At the Final Table with 8♠8♣, what do you do here?
DECISION POINT: You are at the Final Table of a multi-table online Sit & Go Tournament with 100/200 blinds and a 20 chip ante. Eight players are left and 4 get paid. Action folds to the Button who raises to 600. The Small Blind folds and action is on you in the Big Blind with 8♠8♣. What do you do here?
PRO ANSWER: We are dealt pocket eights in the Big Blind in a multi-table online sit & go with 8 players remaining where 4 players get paid at 100/200 blinds with a 20 chip ante. It folds to the Button who makes a standard opening raise to 600 chips. The Small Blind folds and action is on us.
At this point in the tournament we are the fourth largest stack however that is largely irrelevant given we still have far to go until players are in the money. We are far from guaranteed a cash and our main focus at this point should be continuing to accumulate chips.
The Button should have a very wide range at this point. Villain is risking 600 chips to potentially win 460, which is a risk/reward ratio of approaching 1:1. With that risk vs reward the Button should be willing to raise a vast majority of their holdings, often surpassing 50% of all possible hands.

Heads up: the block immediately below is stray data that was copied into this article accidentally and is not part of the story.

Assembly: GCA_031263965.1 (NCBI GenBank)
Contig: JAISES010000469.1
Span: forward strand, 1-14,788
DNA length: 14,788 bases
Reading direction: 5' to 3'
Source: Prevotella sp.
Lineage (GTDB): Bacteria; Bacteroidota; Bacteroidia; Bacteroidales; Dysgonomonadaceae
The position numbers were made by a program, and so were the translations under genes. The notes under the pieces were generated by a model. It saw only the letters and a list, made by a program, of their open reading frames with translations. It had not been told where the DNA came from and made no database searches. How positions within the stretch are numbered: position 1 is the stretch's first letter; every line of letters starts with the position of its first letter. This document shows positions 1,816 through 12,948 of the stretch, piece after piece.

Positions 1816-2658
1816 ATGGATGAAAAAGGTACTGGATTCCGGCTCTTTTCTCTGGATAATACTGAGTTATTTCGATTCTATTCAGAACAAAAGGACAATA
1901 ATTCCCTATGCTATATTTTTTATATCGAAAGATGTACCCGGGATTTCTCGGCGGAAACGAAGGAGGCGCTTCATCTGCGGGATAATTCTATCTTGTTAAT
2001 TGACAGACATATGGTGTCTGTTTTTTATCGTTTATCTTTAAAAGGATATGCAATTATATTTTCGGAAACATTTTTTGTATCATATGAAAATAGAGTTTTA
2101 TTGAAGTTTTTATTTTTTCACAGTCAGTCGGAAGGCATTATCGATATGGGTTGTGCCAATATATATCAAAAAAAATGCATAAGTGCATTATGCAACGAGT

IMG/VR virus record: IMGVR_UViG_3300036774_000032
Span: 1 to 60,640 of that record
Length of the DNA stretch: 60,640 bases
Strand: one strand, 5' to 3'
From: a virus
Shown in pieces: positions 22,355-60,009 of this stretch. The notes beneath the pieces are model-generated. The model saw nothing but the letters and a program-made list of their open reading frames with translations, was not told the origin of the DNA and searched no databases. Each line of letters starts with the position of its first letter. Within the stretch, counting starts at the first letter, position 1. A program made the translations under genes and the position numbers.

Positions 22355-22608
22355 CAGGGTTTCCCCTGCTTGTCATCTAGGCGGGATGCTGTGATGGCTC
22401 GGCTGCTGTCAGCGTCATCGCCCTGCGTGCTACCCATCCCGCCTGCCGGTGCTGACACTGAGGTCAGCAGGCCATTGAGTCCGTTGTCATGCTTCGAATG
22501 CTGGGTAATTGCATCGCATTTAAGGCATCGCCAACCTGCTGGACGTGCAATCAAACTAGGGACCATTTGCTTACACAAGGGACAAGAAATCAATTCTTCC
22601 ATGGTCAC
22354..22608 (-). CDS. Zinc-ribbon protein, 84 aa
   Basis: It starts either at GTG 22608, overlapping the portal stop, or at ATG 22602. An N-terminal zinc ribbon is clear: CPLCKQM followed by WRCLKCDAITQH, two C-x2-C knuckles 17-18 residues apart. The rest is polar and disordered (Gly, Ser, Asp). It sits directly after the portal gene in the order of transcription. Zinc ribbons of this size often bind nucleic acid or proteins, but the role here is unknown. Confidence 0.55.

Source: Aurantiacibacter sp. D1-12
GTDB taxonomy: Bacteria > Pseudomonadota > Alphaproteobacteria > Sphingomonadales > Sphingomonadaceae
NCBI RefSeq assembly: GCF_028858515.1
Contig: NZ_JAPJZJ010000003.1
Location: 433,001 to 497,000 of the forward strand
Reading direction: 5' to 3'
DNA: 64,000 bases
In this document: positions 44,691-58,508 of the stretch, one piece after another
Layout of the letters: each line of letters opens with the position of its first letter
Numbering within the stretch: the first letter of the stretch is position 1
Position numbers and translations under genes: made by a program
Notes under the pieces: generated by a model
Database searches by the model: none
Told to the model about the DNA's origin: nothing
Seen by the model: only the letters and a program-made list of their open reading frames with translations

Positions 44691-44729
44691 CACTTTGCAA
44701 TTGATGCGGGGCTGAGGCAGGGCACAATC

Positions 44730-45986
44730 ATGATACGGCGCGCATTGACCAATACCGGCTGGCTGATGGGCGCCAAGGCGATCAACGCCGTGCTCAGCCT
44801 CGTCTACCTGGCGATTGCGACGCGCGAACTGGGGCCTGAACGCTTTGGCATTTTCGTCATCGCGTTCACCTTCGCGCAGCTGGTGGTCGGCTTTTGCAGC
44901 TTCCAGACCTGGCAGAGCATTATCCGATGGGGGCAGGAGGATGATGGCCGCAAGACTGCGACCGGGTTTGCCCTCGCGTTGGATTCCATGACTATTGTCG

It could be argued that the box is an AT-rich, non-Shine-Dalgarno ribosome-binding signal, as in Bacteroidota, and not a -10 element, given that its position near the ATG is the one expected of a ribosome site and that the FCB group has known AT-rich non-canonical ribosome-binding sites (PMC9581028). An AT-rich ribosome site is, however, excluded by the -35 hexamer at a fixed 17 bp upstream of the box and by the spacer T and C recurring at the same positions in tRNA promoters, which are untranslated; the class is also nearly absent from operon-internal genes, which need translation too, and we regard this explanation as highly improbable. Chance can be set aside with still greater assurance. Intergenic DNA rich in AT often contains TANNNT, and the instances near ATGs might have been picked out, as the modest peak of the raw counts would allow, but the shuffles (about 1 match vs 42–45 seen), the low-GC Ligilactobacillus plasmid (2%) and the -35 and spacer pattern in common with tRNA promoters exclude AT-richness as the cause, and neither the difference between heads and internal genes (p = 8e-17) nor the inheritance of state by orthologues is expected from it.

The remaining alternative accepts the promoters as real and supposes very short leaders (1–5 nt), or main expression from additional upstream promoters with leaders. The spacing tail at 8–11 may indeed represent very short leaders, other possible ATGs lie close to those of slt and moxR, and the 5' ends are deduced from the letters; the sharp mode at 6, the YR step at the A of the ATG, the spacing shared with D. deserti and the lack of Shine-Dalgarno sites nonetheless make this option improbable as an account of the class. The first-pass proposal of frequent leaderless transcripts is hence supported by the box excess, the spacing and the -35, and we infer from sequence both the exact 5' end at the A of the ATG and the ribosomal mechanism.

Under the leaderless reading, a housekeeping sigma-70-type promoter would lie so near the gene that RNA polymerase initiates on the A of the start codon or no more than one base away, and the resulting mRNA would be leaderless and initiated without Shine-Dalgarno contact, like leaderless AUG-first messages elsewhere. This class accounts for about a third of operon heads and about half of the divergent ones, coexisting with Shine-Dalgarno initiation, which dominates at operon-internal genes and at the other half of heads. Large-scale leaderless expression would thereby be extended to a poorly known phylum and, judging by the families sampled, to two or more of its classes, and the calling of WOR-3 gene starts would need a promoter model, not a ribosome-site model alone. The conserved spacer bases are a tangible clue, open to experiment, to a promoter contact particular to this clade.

This would be a very compelling place to potentially make a move with a very wide range of hands. With over 1,000 chips in the pot and effective stacks of less than 6,000, just picking up the money in the middle represents nearly a 20% increase in the effective stacks. This is also a spot where the “range gap” of Villain is quite wide.
The Range Gap is the difference between the amount of hands your opponent is willing to open in a given situation versus the amount of hands they will continue with versus aggression. In this spot Villain could easily be opening 50-60% of hands and only continue with top 10-15% when we raise, meaning some players could be folding 75% of the time or more in this spot.
We have pocket eights which falls in the top 6% of all hands. This is a spot where, if we raise, we can not only expect to pick up a large chunk of chips a vast majority of the time, but we can also expect to even be ahead a reasonable amount of the time when called.
Given how far ahead of our opponent’s range we are in this spot, how many chips are in the middle, and the effective remaining stack here this is a great spot for a reraise.
Moving all-in is the best play.
How would you play it?
Share your answer in the comments below!
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